Seasonal differences were detected in the effects of seed mixture composition (of the wildflower and pollen and nectar mixtures) on flower and bumble bee abundance. When the effects of season were added as an interaction term to the nested anova on total bumble bee abundance, the three-factor interaction was not significant (F2,10 = 1·88, P= 0·20), suggesting that the strong treatment by season interaction (F1,5 = 27·45, P < 0·01) did not vary between years (see Appendix S2 in the supplementary material). Data were therefore averaged across the 3 years for the repeated-measures anova on seasonal effects.

Flower abundance of all forage plants grouped together showed a significant treatment by season interaction (F1,5 = 23·1, P < 0·01), with on average more flowers in the wildflower mixture than in the pollen and nectar mixture during May–June, but with the pollen and nectar mixture providing more forage during July–August (Fig. 4a). This was reflected in the bumble bee response. Bee abundance was significantly greater in the wildflower than pollen and nectar mixture during May–June for B. hortorum (F1,5 = 51·6, P < 0·01) and B. terrestris (F1,5= 24·9, P < 0·01) and all the common Bombus spp. were more abundant in the pollen and nectar than wildflower treatment during July–August (F1,5 = 101·8, P < 0·001 for total bees, with a significant treatment by season interaction F1,5 = 27·3, P < 0·01) (Fig. 4b). The plant species most influencing these trends were T. pratense and L. corniculatus, both showing significant effects of season on differences between treatments (F1,5 = 18·5, P < 0·01 and F1,5 = 26·6, P < 0·01, respectively). The native varieties sown in the wildflower mixture began flowering in early May, producing more flowers than the agricultural varieties in the pollen and nectar mixture early in the season. This pattern was reversed during July–August, when the agricultural varieties reached peak flowering (Fig. 5).

Figure 4.

Seasonal effects of seed mixture composition on abundance of (a) all flowers of bumble bee forage plants and (b) all bumble bee species. White bars, early (May–June) transects; grey bars, late season (July–August) transects.

Figure 5.

Seasonal differences in flower abundance of native vs. agricultural varieties of (a) Trifolium pratense and (b) Lotus corniculatus in wildflower (NAT) and pollen and nectar (AG) mixtures. White bars, early (May–June) transects; grey bars, late season (July–August) transects.


The management of arable field margins according to different options under ES had significant effects on bumble bees and their forage plants, confirming our first hypothesis. These effects were consistent across the six farms on which the experiment was conducted. Uncropped margins sown with a mixture containing four agricultural legume species attracted on average the highest abundance and diversity of bumble bees, including rare species. However, marked differences were observed between bumble bee species and between the sexes within species in their responses to margin management, which can be explained in part by differences in their foraging preferences. Our assessment of changes in flower abundance also revealed seasonal differences in forage provision, and significant changes in the composition of flowering plant species over 3 years depending on management option and seed mixture composition, confirming our second and third hypotheses.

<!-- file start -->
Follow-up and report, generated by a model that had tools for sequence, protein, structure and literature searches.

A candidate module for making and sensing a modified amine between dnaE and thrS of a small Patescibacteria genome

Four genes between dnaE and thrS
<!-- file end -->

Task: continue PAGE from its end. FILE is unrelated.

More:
implications for environmental stewardship options

Removing arable field margins from the cropping system can potentially provide increased forage resources for bumble bees, as well as a greater diversity of habitats for other invertebrates (Feber, Smith & Macdonald 1996; Meek et al. 2002; Asteraki et al. 2004). While conservation headlands may encourage more annual plants than a conventionally managed crop (Critchley et al. 2004), our results showed that this did not translate into an overall increase in either flower abundance and richness of species in flower or the number and species of bumble bees recorded. Allowing natural regeneration on uncropped cultivated margins is a relatively simple management option that could achieve widespread uptake within the ELS and HLS schemes, creating opportunities for rare arable plants (W.R. Meek, unpublished data). However, bumble bee and forage plant abundance were only significantly higher with this option than on cropped margins during the first year after establishment, despite the occurrence of C. vulgare, which was attractive to the shorter-tongued species and, particularly, male B. lapidarius. It is possible that bees were less likely to visit this treatment when greater floral rewards were present in adjacent field margin plots. When tested in isolation, naturally regenerated margins can provide enhanced foraging habitat compared with conservation headlands (Kells, Holland & Goulson 2001). In general though, this management option is unlikely to provide a sufficient density or diversity of bumble bee forage resources unless injurious weeds such as Cirsium spp. are allowed to persist, which carries agronomic problems, or vegetation is left uncultivated and a perennial sward established over time (Carvell et al. 2004).